The Federal Trade Commission estimates as many as 9 million Americans are the victims of identity theft every year. In Wichita alone, at least 500 identity theft cases have been reported every year since 2008.
Jane Keehn just graduated from Kansas State University in December. In two weeks, she'll be heading off to graduate school in Oklahoma. Along with packing and preparing for classes, Keehn recently had to add another daily chore to her routine.
“I talk to banks, different agencies and credit bureaus daily,” Keehn said.
Last month, Keehn left her purse in her car while she was at work. Sometime during her shift, a thief smashed the window and snatched her bag along with everything inside. Four credit cards, her driver's license and even her social security card were all gone.
Within an hour, Keehn says the burglar racked up thousands of dollars in purchases.
“As I was canceling the cards they would just move on to the next card,” Keehn said.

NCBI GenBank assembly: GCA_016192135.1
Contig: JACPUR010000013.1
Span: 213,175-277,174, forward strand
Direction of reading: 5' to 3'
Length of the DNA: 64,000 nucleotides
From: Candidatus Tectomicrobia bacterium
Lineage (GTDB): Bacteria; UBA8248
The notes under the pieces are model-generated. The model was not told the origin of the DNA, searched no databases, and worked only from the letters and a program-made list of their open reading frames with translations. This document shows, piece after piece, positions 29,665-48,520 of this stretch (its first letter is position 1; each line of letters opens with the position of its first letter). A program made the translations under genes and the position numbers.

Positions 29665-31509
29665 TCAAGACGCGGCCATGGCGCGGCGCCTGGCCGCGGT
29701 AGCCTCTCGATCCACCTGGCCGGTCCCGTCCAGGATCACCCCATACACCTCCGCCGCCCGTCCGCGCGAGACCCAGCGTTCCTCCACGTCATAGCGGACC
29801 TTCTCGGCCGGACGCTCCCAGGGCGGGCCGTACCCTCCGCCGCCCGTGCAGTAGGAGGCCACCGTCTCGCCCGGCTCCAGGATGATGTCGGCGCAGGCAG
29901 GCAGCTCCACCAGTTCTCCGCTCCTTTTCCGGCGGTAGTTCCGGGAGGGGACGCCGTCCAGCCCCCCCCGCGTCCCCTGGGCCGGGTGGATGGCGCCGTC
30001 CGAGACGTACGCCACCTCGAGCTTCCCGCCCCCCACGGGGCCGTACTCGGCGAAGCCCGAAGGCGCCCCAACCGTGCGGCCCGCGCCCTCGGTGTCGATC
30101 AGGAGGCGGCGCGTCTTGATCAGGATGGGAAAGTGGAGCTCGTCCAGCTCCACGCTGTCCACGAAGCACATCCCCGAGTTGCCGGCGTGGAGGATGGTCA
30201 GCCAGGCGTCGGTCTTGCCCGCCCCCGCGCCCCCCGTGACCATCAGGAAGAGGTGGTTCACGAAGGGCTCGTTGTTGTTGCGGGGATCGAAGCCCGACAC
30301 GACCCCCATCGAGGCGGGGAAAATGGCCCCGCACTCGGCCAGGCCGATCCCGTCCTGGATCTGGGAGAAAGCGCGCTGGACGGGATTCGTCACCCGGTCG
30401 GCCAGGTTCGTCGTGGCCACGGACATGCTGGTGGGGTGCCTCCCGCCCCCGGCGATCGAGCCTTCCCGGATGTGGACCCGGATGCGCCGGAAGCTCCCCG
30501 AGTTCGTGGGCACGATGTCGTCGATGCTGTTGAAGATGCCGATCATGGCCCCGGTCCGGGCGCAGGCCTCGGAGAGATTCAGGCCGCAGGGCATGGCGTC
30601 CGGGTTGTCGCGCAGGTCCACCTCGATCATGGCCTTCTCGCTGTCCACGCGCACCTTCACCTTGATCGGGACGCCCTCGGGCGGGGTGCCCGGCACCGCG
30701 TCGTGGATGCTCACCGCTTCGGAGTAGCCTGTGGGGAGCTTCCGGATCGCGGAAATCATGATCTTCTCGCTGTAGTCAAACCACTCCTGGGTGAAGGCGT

When all her cards were canceled, Keehn says the crook opened checking accounts in her name. Then, Keehn found out they had applied for an Oklahoma driver's license with her name and information.
“The thing is, if it would have just ended with credit cards and those can be replaced. I can get my money back. I can buy a new bag. However, knowing that it's one step further, they're trying to create a new me, that's an entire different situation,” Keehn said.
Keehn is one of 225 Wichitans whose identity has been stolen this year.
“There's just always an opportunity out there for thieves who are wanting to make some money to your expense,” Lt. Clark Wiemeyer with the Wichita Police Department said.
Keehn says she had hoped for a fresh start in grad school but she knows she'll still be trying to clear her name long after she moves.
“Yes, I'm a victim, but I could have protected myself better. That's the kicker, I could have prevented this,” Keehn said.